John Eger -- who was telecom advisor to the Nixon White House and visited China in that capacity following Nixon's ground-breaking meeting with Zhou Enlai and Mao Zedong in 1972 -- recently returned from a 17-day, nine-city tour of China. Eger, a frequent contributor to Government Technology and Public CIO, is president of The World Foundation for Smart Communities and holds the Endowed Van Deerlin Chair in Communications and Public Policy at San Diego State University.

At one point in Chairman Mao's long rein, he launched a short-lived campaign to appease the "intellectuals" and assure them that changes he was implementing were good for the future of China. Called "Let a Thousand Flowers Bloom," the campaign was designed to encourage dissent and dialogue throughout the country. It did, in fact, result in dissent and even protest. Although the so-called elite never seriously entertained the propaganda program, it ended soon and dissent was squelched.

Now China has made it clear over the last several weeks that they are not going to be simply a manufacturing center or sub-assembly and processing factory for other multi-national corporations. Rather, it is staking out new ground as an "Innovation Economy" -- one that makes its money generating new inventions and innovations to existing products, not merely assembling products for others.

To accomplish its goals, the Chinese government will authorize over 70 billion Yuan, or $8.5 billion, for investment in science and technology next year, and every year thereafter. This itself represents an increase of nearly 20 percent annually. The Chinese, however, have more in mind than R&D spending. A huge propaganda campaign is planned to educate the Chinese masses, to include online discussions and the formation of an "innovation demonstration team" to tour the country and promote the idea. The government is also talking of the need to reform the financial and tax systems to provide incentives for the growth of cutting-edge industries.

Not surprisingly, China wants creativity to "bloom" again, as creativity is the key to innovation. This, however, calls for a climate where freedom and openness are commonplace. Ironically -- despite its continuing efforts to intimidate foreign news organizations, and agreements with Google, Yahoo and Microsoft to block access to certain Web sites -- China is now looking for ways to encourage creativity and innovation.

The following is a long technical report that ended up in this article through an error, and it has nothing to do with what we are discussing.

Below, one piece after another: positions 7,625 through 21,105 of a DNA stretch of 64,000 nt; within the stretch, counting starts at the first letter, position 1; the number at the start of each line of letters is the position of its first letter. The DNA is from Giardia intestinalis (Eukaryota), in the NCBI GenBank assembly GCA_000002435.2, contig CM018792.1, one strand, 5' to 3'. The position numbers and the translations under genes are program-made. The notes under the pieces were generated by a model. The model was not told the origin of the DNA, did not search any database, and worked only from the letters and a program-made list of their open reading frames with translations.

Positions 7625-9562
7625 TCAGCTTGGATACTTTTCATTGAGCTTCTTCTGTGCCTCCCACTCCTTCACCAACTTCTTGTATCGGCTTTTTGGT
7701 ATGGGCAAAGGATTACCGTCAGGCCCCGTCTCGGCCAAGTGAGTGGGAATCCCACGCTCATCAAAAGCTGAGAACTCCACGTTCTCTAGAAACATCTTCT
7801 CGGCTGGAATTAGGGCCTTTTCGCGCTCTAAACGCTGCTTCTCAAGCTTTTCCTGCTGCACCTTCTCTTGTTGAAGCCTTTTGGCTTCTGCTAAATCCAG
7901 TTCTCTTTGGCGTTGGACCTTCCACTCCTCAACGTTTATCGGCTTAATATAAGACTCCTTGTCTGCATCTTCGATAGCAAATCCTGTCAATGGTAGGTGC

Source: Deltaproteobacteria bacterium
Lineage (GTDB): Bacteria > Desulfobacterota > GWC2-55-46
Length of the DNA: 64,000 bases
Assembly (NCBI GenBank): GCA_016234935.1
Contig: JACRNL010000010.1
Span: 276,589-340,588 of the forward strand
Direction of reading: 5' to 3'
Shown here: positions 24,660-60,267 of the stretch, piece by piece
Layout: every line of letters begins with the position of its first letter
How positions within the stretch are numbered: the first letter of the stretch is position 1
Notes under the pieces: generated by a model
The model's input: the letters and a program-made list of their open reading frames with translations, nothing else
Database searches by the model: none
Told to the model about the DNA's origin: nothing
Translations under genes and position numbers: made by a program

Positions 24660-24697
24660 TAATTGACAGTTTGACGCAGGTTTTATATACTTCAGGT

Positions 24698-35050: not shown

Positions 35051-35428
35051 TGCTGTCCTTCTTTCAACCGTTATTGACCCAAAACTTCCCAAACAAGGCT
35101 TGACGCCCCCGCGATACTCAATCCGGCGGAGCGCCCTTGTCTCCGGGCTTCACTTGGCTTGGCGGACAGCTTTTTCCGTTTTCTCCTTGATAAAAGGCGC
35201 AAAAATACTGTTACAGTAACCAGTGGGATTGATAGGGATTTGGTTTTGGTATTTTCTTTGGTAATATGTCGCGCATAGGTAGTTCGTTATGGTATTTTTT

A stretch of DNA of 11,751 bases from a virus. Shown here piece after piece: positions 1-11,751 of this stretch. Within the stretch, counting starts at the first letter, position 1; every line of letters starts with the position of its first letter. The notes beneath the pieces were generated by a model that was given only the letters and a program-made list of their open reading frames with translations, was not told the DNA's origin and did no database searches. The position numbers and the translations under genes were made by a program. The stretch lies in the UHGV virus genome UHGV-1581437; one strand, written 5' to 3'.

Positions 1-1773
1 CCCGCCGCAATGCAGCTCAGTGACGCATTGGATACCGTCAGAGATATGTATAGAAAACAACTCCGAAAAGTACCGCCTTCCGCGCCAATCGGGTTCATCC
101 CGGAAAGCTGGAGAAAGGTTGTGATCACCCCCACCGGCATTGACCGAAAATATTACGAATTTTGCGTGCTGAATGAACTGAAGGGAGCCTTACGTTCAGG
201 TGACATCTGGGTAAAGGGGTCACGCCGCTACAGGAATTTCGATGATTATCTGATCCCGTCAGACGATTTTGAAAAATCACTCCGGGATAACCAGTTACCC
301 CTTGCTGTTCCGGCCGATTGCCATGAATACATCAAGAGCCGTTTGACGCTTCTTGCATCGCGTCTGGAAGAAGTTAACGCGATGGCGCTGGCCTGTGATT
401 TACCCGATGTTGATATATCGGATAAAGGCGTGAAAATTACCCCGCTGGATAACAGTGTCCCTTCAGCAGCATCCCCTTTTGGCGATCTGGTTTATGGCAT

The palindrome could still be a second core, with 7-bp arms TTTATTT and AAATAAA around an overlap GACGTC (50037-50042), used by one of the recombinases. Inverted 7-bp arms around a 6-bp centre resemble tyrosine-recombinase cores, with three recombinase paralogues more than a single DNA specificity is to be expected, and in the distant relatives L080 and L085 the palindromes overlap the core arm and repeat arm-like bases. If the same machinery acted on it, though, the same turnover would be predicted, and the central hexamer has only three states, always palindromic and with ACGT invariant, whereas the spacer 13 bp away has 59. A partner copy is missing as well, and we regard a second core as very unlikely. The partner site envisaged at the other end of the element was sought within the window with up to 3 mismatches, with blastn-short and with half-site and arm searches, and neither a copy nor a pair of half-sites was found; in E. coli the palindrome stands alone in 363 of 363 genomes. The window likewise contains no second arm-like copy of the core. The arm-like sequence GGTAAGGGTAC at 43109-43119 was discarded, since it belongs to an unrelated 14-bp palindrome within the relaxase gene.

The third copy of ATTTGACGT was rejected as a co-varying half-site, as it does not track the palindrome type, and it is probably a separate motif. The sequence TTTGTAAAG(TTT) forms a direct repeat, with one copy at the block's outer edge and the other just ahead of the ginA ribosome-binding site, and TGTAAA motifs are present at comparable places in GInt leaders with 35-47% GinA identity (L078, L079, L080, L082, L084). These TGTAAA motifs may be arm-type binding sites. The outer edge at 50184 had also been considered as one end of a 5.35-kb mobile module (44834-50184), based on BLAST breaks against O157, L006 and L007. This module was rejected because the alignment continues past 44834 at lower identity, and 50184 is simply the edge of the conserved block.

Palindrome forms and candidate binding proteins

Factory 798, just outside of Beijing, for example, is unique because it is the only corner of Beijing to be "transformed by artists," according to the China Daily, an official English-language publication of the Chinese government. "798 could become a model for the alternative way to develop cities," said the publication.

The Factory was originally designed to turn out subassembly and other strategic electronic components. It is now evolving into a hub of cultural and artistic activities and attracting cultural and urban elites from virtually every point on the planet. Some galleries even poke fun at the damage that Mao created with his so-called "cultural revolution."

One painting on the wall makes clear that the pen is mightier than the sword and says in effect "there can be no innovative, creative economy without art." Elsewhere artists and gallery owners make clear that art can only survive in an environment of freedom. It is clear in Factory 798 and other galleries -- and importantly, at universities throughout China -- that there cannot be an innovative economy unless there are significant changes in China's attitude toward the cultural and creative side of life.

In cities across China there is hope again that the repressive measures of the past are completely gone -- and that new policies will allow a greater freedom for all to enjoy art and culture and life itself. It is not at all clear, however, that China can have both a rigid policy for controlling the creative human spirit and a so-called "innovative" economy.